Biology; Chemistry and chemical biology; Chemical and biological engineering; Biomedical engineering
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Synthesis of a C-Glycoside Analog of sTn: an HIV and Tumor Associated Antigen, B. Kuberan, S.A. Sikkandar, H. Tomiyama, R.J. Linhardt, Angewandte Chemie, Intl.ed., 42, 2073-2074, 2003. (Full Text in PDF format)
N-Acetylneuraminic acid occupies the nonreducing end of many naturally occurring glycoconjugates on the cell surface, including glycoproteins and glycolipids. The strategic location of glycoconjugates on the cell surface and the enormous structural information that they carry account for their major role in biological recognition in the control of both normal and pathological processes. While the participation of sialic acid in these biological events has been established unequivocally in a large number of studies, the linkage of sialic acid to glycoconjugates is one of the most labile glycosidic linkages, which renders these compounds less amenable to biological and biochemical studies. Terminal sialic acid residues are easily cleaved in vitro under very mild acidic conditions and in vivo by neuraminidases. The biological importance of sialic acid coupled with its lability towards hydrolysis prompted us to redesign the molecular architecture of glycoconjugates to afford a non-hydrolyzable glycosidic linkage to sialic acid. Such a stable linkage should contribute to our understanding of biological recognition and serve to enhance or suppress biological events at the molecular level. The replacement of the interglycosidic oxygen atom with a hydroxymethylene or methylene group affords a new class of hydrolytically stable C-glycoside analogues of glycoconjugates. A method for the preparation of C-glycosides of ulosonic acids using SmI2 was pioneered in our laboratory.;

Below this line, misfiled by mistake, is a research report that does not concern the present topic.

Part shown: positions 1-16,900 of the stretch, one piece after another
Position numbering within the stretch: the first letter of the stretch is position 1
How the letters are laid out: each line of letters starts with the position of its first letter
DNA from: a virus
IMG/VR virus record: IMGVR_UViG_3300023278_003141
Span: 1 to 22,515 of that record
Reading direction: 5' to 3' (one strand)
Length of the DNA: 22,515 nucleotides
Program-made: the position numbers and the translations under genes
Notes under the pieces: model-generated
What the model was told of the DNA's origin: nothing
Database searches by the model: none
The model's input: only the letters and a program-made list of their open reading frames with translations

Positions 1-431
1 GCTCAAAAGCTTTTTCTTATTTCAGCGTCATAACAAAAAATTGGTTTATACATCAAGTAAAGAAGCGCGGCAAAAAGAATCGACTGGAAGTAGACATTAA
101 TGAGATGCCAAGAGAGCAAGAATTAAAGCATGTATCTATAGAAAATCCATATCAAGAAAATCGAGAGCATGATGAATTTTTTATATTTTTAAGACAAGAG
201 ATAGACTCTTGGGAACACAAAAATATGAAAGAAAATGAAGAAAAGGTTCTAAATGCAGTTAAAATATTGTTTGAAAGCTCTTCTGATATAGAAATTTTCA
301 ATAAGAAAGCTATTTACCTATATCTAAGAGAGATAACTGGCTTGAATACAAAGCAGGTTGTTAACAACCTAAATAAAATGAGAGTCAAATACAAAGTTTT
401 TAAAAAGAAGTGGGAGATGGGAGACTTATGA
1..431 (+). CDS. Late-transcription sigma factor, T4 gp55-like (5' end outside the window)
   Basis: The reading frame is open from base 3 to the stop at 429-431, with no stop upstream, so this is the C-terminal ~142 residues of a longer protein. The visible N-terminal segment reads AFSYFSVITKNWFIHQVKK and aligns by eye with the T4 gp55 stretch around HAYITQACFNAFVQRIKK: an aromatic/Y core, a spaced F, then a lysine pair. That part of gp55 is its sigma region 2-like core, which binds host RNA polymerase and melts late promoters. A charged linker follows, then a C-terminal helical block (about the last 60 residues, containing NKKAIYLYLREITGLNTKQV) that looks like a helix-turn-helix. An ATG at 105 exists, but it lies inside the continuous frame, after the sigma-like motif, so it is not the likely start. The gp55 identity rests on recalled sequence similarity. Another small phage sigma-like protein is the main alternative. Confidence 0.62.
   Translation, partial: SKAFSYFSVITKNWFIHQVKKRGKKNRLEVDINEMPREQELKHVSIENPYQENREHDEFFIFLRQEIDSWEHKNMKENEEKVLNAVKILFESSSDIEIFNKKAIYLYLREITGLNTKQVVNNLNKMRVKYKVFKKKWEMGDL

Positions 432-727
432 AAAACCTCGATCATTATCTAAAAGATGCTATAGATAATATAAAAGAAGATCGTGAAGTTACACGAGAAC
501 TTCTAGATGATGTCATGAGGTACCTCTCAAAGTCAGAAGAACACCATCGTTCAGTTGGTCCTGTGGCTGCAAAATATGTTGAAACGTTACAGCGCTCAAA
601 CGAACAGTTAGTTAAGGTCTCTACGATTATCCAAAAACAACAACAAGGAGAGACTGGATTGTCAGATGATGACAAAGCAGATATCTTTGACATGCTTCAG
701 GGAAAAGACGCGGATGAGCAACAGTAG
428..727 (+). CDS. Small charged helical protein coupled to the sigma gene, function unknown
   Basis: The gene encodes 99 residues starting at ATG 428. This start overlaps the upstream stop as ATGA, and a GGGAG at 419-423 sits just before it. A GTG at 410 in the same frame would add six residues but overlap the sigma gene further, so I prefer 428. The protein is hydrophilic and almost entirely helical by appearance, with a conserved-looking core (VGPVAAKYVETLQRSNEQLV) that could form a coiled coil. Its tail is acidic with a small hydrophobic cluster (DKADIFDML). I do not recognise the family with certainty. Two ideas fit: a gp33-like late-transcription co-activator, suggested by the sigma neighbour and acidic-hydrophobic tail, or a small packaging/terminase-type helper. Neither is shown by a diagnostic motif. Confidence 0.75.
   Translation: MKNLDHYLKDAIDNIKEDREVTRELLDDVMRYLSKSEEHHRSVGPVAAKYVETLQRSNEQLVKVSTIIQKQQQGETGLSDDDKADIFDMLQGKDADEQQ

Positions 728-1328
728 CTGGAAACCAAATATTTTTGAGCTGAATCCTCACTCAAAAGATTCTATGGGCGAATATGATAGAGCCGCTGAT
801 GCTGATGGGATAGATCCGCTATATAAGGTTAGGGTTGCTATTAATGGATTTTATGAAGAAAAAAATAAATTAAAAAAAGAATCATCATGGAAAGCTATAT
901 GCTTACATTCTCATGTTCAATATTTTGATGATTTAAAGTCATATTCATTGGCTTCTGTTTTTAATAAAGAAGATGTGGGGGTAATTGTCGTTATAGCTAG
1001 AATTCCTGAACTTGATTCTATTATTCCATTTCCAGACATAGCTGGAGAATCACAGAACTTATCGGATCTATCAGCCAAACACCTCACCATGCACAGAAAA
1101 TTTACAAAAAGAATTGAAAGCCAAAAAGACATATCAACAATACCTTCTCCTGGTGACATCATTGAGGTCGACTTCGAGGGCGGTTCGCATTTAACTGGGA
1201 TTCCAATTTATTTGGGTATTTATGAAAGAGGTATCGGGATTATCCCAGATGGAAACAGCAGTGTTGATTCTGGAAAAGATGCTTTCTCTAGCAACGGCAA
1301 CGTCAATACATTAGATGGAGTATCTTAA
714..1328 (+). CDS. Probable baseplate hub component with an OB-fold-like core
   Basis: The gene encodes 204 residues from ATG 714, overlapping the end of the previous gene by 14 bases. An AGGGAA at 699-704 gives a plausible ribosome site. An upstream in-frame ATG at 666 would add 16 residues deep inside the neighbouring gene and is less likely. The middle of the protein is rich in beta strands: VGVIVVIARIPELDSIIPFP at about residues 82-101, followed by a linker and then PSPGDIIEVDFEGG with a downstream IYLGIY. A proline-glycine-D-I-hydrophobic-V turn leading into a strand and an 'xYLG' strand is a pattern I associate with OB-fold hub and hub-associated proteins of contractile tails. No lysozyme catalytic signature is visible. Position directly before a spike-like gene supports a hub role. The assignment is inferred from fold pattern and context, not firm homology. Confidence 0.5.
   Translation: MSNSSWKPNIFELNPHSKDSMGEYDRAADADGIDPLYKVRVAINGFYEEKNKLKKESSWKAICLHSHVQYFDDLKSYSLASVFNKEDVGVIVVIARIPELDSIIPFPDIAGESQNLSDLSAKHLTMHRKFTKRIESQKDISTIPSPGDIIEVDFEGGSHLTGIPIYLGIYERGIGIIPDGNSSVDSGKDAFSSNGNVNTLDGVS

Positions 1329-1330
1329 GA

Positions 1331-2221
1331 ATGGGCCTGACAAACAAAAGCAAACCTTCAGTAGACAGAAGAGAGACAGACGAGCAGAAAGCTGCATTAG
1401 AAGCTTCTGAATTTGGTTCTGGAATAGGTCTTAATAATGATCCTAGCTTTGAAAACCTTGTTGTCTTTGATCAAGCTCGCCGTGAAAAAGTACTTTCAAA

Angewandte Chemie, Intl.ed., 42, 2073-2074; (Full Text in PDF format); Note : if this item contains full text it may be a preprint, author manuscript, or a Gold OA copy that permits redistribution with a license such as CC BY. The final version is available through the publisher’s platform.
The Linhardt Research Labs.; The Shirley Ann Jackson, Ph.D. Center for Biotechnology and Interdisciplinary Studies (CBIS);
The Linhardt Research Labs Online Collection; Rensselaer Polytechnic Institute, Troy, NY; Angewandte Chemie - International Edition; https://harc.rpi.edu/;